Emotional affairs are no different than physical affairs when it comes to the trauma they bring. While there are ways to work through the pain and come out stronger together, emotional adultery is devastating. The betrayal may even lead to you thinking divorce is the best way out of the mess your spouse created. But should emotional adultery be grounds for divorce?
What Is An Emotional Affair?
An emotional affair, like most forms of infidelity, can be hard to describe. Many people have their own definitions of what it means to be disloyal to a partner or spouse, and emotional infidelity is no different. That is why it’s important to discuss your line in the sand with your partner.
Emotional affairs are different from physical affairs, as they don’t require sexual relationships. However, there is a level of intimacy involved that goes beyond a platonic friendship. You can say that these relationships are emotionally charged to the point where your contact is inappropriate, even if you don’t make any physical contact whatsoever.
You can usually tell when someone is having an emotional affair when they become physically distant from you and spend more time physically and mentally with the other person. In other words, their attention shifts entirely to someone else. This is extremely hurtful, especially when your partner starts making comparisons between you and their friend.
How Does Emotional Adultery Affect A Divorce?
Although physical intimacy is rarely involved in emotional adultery, such an affair can be damaging to a relationship. Some may even feel that being emotionally cheated on is worse than a sexual one because it means that the partner having the affair is way more emotionally invested in the extramarital relationship.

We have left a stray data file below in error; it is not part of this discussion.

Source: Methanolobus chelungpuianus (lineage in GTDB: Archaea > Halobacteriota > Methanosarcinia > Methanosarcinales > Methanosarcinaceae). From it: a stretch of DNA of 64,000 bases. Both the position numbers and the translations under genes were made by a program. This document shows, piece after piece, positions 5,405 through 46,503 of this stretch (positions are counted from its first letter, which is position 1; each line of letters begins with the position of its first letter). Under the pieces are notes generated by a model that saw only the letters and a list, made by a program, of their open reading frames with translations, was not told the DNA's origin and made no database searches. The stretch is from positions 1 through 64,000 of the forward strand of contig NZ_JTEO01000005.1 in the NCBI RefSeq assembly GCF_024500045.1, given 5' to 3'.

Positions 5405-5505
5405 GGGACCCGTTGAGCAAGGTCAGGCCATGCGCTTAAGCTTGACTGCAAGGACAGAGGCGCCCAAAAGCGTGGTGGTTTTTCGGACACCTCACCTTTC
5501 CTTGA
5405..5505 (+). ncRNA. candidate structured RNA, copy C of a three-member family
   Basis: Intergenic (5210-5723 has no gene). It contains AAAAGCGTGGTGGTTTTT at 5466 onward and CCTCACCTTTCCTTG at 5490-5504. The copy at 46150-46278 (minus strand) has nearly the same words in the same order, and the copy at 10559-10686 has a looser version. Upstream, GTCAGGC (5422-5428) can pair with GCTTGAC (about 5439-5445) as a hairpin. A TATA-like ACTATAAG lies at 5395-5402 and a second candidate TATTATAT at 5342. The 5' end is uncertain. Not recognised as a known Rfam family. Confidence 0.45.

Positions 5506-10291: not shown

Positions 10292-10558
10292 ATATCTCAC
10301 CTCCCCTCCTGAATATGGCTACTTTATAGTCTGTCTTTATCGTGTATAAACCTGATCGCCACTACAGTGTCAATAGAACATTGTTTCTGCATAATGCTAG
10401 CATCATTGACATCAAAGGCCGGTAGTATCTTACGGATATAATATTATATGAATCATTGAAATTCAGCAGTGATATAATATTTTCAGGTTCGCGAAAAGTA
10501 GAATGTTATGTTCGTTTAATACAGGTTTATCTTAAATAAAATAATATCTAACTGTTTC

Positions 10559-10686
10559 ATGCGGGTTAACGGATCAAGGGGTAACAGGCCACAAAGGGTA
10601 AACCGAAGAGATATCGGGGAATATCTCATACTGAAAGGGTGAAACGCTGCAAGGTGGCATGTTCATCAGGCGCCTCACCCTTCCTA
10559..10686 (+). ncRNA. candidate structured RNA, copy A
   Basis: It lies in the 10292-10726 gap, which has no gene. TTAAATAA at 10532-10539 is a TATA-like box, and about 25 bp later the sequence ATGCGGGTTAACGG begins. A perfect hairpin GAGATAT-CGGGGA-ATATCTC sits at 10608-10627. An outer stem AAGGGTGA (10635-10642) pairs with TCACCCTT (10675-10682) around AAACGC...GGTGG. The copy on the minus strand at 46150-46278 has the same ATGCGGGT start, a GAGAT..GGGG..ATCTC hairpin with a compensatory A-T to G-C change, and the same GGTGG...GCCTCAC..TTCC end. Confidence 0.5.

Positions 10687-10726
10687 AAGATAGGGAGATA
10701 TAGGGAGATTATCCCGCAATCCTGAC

Many states, like California, legally recognize this and allow for couples to file for divorce after an emotional affair. Others, like Maryland, call it constructive desertion. Then there are some places that do not allow for divorce solely over an emotional affair.
But should an emotional affair be grounds for divorce? Not always.
There are deciding factors that can help you decide whether to stay or leave a marriage. Dealing with the affair quickly is essential. The first thing you must address is that deciding on divorce isn’t easy, and you should wait for some of the immediate emotions to dissipate before deciding what to do.
When To Walk Away After An Emotional Affair
As noted above, there are a few things you really need to think about before settling on divorce. It’s easy to say that divorce is the only option after an affair, but it’s never that easy.
So to help you figure out the right path, here are crucial factors to consider:
The Strength Of Your Relationship
Your history with each other is integral to overcoming an affair. If you have been in a long-term relationship with your spouse and believe it was fulfilling up to the point of the affair, there’s a good chance you can recover. Try to look at the affair from your partner’s perspective to see if anything recently happened in your relationship that would drive them to seek validation from someone else.